I had almost forgotten about him when, the other day, wishing to look up something, I consulted David Dilks’s two-volume book Curzon in India, and next to it on the shelf found another volume by Leonard Mosley, called Curzon: End of an Epoch, which I remember reviewing. Lo! Opposite page 49 is a photograph with a caption: ‘Viceroy and Vicereine arriving for the Durbar.’ And there is a ceremonial elephant, complete with howdah, and Lord and Lady Curzon on it. Words cannot describe the magnificence of this beast and its burden. To begin with, the elephant is truly colossal, specially chosen or bred for an event of the greatest splendour. It must have been about 18 feet high and big in proportion, making my alabaster elephant seem puny. Its trunk, not curled like mine’s was, is held out stiff, straight and vertical, the tip just touching the ground. It has a fringed and jewelled band above its head, and its eyes, face and much of its front are elaborately painted. There are magnificent fringes, too, of silk I think, hanging down its trunk and on either side of its noble skull. Covering most of its body is a colossal Persian carpet, reaching almost to the ground, and on top of it is a big fringed rug, plus cushions, to constitute a soft plinth for the howdah. This is a great gondola-like piece of furniture, painted in white and gold (I imagine: the photo is monochrome) with pinnacles at each corner surmounted by crowns, and the royal coat of arms decorating the sides. In it is an apprehensive-looking Curzon and a positively nervous Vicereine, and I don’t blame her for being frightened; she must have been a good 20 feet above the ground, and who was to know what would happen if the beast broke into a trot? (Its front legs were loosely chained together to prevent this happening.) The magnificently bearded and turbaned mahout, with gold braid over the chest of his dark blue uniform, sits in charge, clutching a golden rein. Over the howdah stands a similar figure, holding an immense silk and fringed parasol, which brings the height of this tottering and swaying ensemble to nearly 30 feet. By the elephant’s right leg stands a very fierce-looking guard, wielding a ten-foot spear, and I imagine there were three others at the corners, outside the photo. All in all the plate brilliantly perpetuates an epiphany of imperialism at its most splendidly barbaric, oriental magnificence precariously presided over by a polished product of Eton and Balliol in their golden age. One could write a book about it.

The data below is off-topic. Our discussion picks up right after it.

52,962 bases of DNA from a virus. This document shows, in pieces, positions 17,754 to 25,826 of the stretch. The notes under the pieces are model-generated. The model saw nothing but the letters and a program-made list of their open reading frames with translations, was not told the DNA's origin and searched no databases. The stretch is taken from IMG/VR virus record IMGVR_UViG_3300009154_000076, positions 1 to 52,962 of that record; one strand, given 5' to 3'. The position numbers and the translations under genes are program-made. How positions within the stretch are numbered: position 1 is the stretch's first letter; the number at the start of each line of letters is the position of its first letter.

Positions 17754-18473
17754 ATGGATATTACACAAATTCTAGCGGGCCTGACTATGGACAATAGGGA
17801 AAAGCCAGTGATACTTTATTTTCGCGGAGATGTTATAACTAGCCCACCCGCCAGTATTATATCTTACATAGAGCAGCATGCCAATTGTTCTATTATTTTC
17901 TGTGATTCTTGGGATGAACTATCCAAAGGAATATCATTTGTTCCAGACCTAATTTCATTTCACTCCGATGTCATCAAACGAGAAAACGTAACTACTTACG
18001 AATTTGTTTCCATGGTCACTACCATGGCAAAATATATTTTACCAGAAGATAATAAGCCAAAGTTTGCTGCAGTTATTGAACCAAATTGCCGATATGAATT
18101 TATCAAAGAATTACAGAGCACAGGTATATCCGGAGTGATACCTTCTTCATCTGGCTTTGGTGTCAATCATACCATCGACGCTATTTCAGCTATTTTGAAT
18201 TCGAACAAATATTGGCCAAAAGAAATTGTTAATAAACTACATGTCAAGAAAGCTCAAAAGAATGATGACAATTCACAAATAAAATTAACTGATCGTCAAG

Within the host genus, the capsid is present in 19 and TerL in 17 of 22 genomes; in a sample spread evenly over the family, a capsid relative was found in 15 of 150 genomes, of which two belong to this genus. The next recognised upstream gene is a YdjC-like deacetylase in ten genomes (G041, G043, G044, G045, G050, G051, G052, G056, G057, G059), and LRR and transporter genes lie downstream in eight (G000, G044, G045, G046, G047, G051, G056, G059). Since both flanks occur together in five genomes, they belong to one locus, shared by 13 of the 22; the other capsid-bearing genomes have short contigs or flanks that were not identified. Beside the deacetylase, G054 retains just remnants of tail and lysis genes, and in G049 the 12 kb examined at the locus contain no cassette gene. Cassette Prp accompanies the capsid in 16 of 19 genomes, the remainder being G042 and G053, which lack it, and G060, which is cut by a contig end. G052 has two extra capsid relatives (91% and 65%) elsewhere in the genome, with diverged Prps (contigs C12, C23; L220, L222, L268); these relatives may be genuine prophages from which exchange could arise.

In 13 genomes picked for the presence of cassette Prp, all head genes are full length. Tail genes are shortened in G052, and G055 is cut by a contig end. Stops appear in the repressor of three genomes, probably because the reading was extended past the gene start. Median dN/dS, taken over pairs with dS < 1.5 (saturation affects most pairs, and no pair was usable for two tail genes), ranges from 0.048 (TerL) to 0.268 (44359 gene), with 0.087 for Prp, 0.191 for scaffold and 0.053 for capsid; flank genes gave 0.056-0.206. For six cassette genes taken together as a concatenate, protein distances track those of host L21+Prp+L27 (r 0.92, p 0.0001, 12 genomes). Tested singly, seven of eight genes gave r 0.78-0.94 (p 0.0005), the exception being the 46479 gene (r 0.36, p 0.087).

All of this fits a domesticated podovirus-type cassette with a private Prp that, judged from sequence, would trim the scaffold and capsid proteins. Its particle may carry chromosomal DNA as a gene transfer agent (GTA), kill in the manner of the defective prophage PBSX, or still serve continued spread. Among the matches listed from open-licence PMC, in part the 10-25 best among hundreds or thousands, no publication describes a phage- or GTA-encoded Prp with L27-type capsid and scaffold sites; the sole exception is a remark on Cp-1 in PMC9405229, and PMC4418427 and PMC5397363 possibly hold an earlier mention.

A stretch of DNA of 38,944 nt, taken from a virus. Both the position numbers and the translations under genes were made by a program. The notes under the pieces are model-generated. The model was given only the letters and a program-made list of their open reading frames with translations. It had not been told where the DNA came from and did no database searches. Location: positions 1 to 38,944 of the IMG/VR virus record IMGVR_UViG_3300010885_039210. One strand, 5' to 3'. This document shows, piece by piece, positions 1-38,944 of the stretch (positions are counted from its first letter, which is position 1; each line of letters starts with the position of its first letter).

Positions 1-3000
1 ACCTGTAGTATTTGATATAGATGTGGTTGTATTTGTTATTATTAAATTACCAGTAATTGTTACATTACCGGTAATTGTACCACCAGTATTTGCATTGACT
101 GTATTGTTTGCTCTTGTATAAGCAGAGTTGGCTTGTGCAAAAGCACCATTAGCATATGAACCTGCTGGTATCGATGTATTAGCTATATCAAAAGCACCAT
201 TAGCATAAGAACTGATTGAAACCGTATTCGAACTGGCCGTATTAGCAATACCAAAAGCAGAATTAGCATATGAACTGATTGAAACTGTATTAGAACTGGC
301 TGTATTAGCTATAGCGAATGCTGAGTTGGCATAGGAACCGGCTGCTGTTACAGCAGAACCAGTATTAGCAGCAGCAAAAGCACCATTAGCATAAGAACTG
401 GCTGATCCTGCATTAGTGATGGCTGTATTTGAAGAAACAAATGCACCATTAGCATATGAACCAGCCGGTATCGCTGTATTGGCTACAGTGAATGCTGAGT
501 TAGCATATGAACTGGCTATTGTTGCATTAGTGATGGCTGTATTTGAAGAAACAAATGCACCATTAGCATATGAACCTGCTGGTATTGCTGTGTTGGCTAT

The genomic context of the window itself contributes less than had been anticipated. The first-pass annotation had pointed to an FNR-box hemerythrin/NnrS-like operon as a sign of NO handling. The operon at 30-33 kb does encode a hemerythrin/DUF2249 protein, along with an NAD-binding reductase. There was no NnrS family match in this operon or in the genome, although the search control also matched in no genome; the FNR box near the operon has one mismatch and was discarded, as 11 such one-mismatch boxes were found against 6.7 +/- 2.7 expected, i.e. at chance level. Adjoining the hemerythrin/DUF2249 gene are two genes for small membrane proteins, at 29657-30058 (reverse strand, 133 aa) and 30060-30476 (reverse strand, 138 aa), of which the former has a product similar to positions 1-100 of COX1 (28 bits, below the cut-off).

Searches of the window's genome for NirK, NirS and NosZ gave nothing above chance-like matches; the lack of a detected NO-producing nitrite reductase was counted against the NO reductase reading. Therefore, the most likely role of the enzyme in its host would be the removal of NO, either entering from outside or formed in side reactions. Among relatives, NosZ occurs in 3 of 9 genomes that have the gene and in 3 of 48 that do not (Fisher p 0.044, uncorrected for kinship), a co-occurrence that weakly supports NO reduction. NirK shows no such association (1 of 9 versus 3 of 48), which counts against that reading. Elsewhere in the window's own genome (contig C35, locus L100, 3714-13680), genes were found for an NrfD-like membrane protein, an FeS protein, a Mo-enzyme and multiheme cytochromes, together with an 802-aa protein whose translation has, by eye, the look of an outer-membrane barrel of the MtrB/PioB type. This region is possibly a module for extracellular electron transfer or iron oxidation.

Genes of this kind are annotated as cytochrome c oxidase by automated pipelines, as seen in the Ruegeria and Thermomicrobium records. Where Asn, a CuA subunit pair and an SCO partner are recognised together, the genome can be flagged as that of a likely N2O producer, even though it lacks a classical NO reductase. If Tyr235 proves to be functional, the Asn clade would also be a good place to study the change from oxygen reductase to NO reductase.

Indeed one could, for it also epitomises the transience, fragility and frustrations of imperial grandeur, and its ultimate futility. The durbar itself caused Curzon immense trouble, irritation and even humiliation. He had been obliged to discipline a fashionable hussar regiment for killing a native unnecessarily. Indeed he had wished to exclude it from the durbar parade, but had been persuaded otherwise. When the 7th Hussars rode past, in arrogant, clinking glitter, the vast Anglo-Indian crowd burst into a frenzy of cheering, while Curzon, taking the salute — on a horse this time — sat stonily silent. He was already quarrelling with the home government, as well as with his army commander, Herbert Kitchener, and the two of them eventually produced his enforced resignation and return to London under a cloud. Curzon had been the youngest viceroy, and as his enemy Lord Beaverbrook wrote, ‘For the rest of his life Curzon was influenced by his sudden journey to heaven at the age of 39, and then by his return seven years later to earth, for the remainder of his mortal existence.’
Why Beaverbrook hated Curzon so much I have never discovered, but he went to the trouble and expense of buying up the Curzon papers so they could be used by his underlings to blacken the poor man’s reputation. One of these efforts was the Mosley biography, an exercise in ridicule. I gave it a stinging review, pointing out Curzon’s real qualities and achievements. I subsequently received a grateful letter, signed ‘Ravensdale’. This turned out to be from a woman, not a man. Curzon had no son, and by special permission of King George V one of his titles, the barony of Ravensdale, passed to his eldest daughter, Irene. Curzon had three daughters. One married the notorious Oswald Mosley, who later seduced the other two, including my correspondent. There is an effigy of Curzon in the church at his ancestral home, Kedleston. Not in alabaster, though.